Convolutional Neural Network with Attention on Spectrograms for Emotion Detection

Preprint 2021

Alok C. Suresh and Youngjun Cho

The ability to accurately detect and model emotion is of great importance in advancing HCI applications and interfaces. Given this, the prevalence of research into the automatic emotion recognition task has steadily increased in recent years. This work is concerned with this task, particularly experimenting with attention-based CNNs on spectrograms from physiological signals. We used the spectrograms of respiration and blood volume pulse signals to condense physiological information in a two-dimensional image format. They were subsequently used to train standard CNN models as well as attention based variants for discriminating between emotional states along with various levels of valence and arousal. Also, we investigated fusion methods for the spectrograms from the two different physiological sensing channels as well as annotation strategies for classifying emotions in supervised learning. All models explored in this work were evaluated on the DEAP dataset. This work builds on our previous projects [1-7], confirming the robustness of time-frequency representation of physiological signals in automatic emotion recognition.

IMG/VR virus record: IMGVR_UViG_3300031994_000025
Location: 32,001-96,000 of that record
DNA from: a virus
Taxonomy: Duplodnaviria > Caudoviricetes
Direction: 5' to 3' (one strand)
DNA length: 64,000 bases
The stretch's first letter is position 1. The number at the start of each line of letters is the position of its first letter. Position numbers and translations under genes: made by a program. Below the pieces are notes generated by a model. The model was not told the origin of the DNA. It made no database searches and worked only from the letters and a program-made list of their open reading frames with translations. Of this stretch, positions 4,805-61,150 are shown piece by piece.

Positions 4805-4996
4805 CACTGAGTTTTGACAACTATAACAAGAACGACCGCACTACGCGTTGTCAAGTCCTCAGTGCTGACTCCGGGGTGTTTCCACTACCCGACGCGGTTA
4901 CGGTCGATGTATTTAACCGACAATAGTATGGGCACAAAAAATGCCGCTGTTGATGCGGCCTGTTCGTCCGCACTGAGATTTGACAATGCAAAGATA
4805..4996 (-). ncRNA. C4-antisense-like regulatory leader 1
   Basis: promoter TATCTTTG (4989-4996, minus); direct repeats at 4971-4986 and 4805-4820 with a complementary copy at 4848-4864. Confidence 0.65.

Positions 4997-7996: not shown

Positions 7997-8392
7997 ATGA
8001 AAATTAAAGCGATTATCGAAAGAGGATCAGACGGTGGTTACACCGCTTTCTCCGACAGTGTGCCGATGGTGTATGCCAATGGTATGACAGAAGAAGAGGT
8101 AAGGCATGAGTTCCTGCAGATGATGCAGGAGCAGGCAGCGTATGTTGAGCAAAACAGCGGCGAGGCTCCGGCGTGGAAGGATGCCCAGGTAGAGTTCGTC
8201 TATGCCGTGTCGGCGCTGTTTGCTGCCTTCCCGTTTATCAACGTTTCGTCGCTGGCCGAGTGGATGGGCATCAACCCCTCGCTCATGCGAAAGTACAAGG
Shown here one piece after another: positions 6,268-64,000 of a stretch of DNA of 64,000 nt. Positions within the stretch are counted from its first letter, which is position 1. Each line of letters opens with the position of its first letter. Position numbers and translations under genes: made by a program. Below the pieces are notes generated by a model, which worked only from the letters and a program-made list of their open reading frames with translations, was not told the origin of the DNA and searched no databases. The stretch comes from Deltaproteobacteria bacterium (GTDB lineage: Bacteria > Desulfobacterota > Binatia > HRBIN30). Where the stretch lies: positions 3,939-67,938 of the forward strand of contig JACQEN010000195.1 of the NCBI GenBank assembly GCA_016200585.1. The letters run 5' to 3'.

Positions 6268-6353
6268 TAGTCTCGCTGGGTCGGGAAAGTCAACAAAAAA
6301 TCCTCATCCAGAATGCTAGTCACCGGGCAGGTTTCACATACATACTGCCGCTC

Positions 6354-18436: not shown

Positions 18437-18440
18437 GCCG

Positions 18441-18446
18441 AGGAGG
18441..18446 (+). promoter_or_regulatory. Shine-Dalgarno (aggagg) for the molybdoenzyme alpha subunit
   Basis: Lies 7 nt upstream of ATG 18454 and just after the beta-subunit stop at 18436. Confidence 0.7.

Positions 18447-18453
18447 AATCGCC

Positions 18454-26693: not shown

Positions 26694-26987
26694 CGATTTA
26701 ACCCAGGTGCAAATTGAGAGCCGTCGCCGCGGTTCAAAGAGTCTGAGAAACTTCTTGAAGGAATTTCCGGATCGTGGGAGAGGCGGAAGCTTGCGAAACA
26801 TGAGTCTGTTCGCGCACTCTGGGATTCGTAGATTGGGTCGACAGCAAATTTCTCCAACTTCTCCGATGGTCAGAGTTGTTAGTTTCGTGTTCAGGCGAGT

[1] Cho, Y., 2021. Rethinking Eye-blink: Assessing Task Difficulty through Physiological Representation of Spontaneous Blinking. In Proceedings of the 2021 CHI Conference on Human Factors in Computing Systems, pp. 1-12.

[2] Cho, Y., Bianchi-Berthouze, N. and Julier, S.J., 2017. DeepBreath: Deep learning of breathing patterns for automatic stress recognition using low-cost thermal imaging in unconstrained settings. In 2017 Seventh International Conference on Affective Computing and Intelligent Interaction (ACII), pp. 456-463.

[3] Cho, Y., Julier, S. J. and Bianchi-Berthouze, N., 2019. Instant Stress: Detection of Perceived Mental Stress Through Smartphone Photoplethysmography and Thermal Imaging. JMIR mental health, 6(4), e10140.

[4] Cho, Y. and Bianchi-Berthouze, N., 2019. Physiological and affective computing through thermal imaging: A survey. arXiv preprint arXiv:1908.10307.

[5] Cho, Y., Bianchi-Berthouze, N., Marquardt, N. and Julier, S.J., 2018. Deep thermal imaging: Proximate material type recognition in the wild through deep learning of spatial surface temperature patterns. In Proceedings of the 2018 CHI Conference on Human Factors in Computing Systems, pp. 1-13.

[6] Cho, Y., et al.,2019. Nose heat: Exploring stress-induced nasal thermal variability through mobile thermal imaging. In 2019 8th International Conference on Affective Computing and Intelligent Interaction (ACII), pp. 566-572

[7] Cho, Y., Julier, S.J., Marquardt, N. and Bianchi-Berthouze, N., 2017. Robust tracking of respiratory rate in high-dynamic range scenes using mobile thermal imaging. Biomedical optics express8(10), pp.4480-4503.